This story first ran on Beliefnet on June 27, 2002.

That a court would rule the Pledge of Allegiance as being unconstitutional because it contains the words `under G-d' is something that I might have expected, perhaps, when I lived in Europe. Everyone knows that religion is essentially dead in Western Europe. Even in Italy, ground zero of Catholicism, where I traveled last week to launch the Italian edition of Dating Secrets of the Ten Commandments, nearly all the authors I met told me that they were atheists. In Italy there is no scandal concerning pedophile priests because the populace cannot summon enough passion for their own Catholicism to even profess outrage.

But the secret to the United States that so many others just don't understand is that it is a deeply religious country. If you miss the fact that faith is almost endemic in the American mindset, then you have missed the country completely. That's what Paul Johnson so insightfully captured in History of the American People, in which he shows that America's unparalleled expansion had everything to do with a religious fervor never seen in the annals of the world. Just look at concepts like "manifest destiny" where virtually every American leader believed that this country was destined to expand to the Pacific. Johnson even maintains that this irrepressible American faith was even brought to bear on American marketing, to wit, Coca Cola being plugged as "the real thing."

More importantly, of course, it served as the basis for Jefferson's pronouncement in the Declaration of Independence that no man need be subservient to a despot like George III since "all men are created equal.they are endowed by their Creator with certain unalienable Rights." The belief in G-d is also what inspired so many righteous Christians to become abolitionists and to undo the subversion of that hallowed principle of freedom by the evil of slavery.

When I served as rabbi of Oxford University for eleven years, I found myself constantly on the defensive about religion. If people liked me, they told that they did so despite the fact that I was a rabbi. Indeed, several of the chaplains of the Oxford Colleges were, unbelievably, staunch atheists. But I have discovered that here in the United States my non-Jewish friends expect me to be a rabbi and to offer them Jewish wisdom. It's the part of me they enjoy the most.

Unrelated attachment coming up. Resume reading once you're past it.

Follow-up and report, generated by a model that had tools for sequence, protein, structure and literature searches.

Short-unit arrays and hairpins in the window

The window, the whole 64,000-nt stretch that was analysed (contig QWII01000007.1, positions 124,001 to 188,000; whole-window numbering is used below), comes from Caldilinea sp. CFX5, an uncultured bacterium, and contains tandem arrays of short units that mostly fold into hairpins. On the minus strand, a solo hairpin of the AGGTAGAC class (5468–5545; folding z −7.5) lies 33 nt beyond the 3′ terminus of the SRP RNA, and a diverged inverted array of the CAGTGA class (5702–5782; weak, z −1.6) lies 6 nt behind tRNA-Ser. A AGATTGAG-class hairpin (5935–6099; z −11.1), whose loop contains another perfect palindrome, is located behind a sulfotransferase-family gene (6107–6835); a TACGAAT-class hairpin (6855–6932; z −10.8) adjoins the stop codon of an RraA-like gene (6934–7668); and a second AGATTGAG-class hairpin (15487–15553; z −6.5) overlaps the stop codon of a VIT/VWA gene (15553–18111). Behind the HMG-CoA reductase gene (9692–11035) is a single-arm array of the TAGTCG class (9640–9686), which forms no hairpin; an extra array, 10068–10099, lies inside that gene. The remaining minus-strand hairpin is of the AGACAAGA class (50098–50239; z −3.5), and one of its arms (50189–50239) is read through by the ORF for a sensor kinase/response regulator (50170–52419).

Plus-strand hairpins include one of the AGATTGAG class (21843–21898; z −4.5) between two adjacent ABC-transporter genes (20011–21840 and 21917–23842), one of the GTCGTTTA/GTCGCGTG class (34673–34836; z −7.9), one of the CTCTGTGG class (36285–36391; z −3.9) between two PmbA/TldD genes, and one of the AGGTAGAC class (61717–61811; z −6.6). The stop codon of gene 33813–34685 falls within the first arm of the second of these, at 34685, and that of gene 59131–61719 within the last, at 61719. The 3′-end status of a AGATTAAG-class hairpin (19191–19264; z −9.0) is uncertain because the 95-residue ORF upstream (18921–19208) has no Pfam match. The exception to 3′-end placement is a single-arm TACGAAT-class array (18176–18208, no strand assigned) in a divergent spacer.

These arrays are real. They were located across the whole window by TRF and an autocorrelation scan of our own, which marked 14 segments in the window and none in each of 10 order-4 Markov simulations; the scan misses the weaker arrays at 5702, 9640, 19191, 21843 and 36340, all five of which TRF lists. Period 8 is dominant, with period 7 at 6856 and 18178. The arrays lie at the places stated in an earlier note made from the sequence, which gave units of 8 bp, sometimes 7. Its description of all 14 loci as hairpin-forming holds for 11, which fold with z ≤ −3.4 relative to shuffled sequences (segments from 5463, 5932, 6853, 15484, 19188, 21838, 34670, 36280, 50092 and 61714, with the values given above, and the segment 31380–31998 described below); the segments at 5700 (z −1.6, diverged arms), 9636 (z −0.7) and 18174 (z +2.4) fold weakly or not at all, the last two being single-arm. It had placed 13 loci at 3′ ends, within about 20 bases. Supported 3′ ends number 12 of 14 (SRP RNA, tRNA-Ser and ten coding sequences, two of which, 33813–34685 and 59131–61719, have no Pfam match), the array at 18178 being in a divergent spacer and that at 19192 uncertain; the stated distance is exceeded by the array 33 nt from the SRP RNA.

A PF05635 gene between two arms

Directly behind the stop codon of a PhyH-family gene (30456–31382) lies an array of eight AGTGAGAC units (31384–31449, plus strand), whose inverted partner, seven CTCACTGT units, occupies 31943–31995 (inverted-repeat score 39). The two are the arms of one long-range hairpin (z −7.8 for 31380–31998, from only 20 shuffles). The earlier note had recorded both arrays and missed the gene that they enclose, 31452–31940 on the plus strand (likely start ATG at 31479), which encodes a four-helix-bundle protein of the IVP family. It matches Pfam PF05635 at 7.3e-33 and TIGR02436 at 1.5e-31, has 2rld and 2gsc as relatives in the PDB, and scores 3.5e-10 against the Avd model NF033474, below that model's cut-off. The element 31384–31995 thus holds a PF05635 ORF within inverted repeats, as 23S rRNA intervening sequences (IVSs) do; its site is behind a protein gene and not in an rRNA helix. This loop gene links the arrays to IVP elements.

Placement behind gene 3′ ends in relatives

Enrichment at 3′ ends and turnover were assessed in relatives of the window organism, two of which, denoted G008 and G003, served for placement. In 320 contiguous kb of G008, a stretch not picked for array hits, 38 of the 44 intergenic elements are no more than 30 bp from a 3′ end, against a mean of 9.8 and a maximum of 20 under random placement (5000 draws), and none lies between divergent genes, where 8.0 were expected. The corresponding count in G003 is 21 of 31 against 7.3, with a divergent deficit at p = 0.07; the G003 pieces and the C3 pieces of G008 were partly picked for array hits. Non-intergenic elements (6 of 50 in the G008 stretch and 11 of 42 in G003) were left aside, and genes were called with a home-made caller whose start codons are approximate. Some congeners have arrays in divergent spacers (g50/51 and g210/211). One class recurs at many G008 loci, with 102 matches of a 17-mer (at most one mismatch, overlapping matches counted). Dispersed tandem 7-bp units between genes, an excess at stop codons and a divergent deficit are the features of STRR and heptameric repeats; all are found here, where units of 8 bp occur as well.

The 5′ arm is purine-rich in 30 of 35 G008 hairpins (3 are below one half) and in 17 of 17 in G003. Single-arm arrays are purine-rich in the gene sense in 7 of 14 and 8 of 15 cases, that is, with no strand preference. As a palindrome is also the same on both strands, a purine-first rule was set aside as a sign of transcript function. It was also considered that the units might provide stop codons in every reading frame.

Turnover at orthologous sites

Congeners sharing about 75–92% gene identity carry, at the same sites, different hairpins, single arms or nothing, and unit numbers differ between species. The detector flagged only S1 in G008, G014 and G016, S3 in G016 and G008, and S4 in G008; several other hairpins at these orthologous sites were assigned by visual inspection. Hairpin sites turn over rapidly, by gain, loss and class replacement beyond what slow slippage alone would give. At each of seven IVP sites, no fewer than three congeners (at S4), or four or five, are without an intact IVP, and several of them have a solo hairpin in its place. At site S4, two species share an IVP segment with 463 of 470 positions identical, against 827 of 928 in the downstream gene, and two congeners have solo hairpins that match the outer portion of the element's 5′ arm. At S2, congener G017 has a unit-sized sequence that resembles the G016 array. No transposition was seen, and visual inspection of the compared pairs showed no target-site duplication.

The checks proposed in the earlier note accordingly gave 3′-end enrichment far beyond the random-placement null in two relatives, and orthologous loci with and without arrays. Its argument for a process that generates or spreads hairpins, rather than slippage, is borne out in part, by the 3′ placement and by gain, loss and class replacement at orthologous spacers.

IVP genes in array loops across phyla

And that's what is so special about the United States. G-d's presence in this country is all-pervasive and is not something that any judge can bang his gavel about and beat from our breast. From "In G-d we trust," which is enshrined on the coin of the realm, to our most beloved songs like "G-d bless America," G-d can be no more purged from the fabric of this country than can the Bald Eagle or the Stars and Stripes. To be sure, our founding fathers were emphatic about the need to separate Church and State, and rightly and prophetically enshrined it into our Constitution. But their intention was to ensure that religion never become oppressive, rather than to purge all religion from the American soul.

No man can foist his faith on another in this country. But conversely, no man can stop another man from embracing faith.

Not long ago I saw the much-quoted statistic that approximately 90 percent of Americans claim to believe in G-d, and more than half claim to pray every day. It seems then, that the 9th U.S. Circuit Court of Appeals has been judged by a jury of their peers and have been found guilty of gross ignorance of the American heart. I therefore wish to appeal their ruling and reestablish the centrality of spiritual conviction as the foundation of the American republic.

Having lived in Europe where G-d was buried by Nietzsche over a century ago and is entombed today in the crusty remnants of state religions, I declare today how proud I am to be an American. And I teach my children proudly, all of whom bar one were born in the UK, to recite the Pledge of Allegiance. Indeed, what an amazing country we are. One nation, UNDER G-D, with liberty and justice for all.

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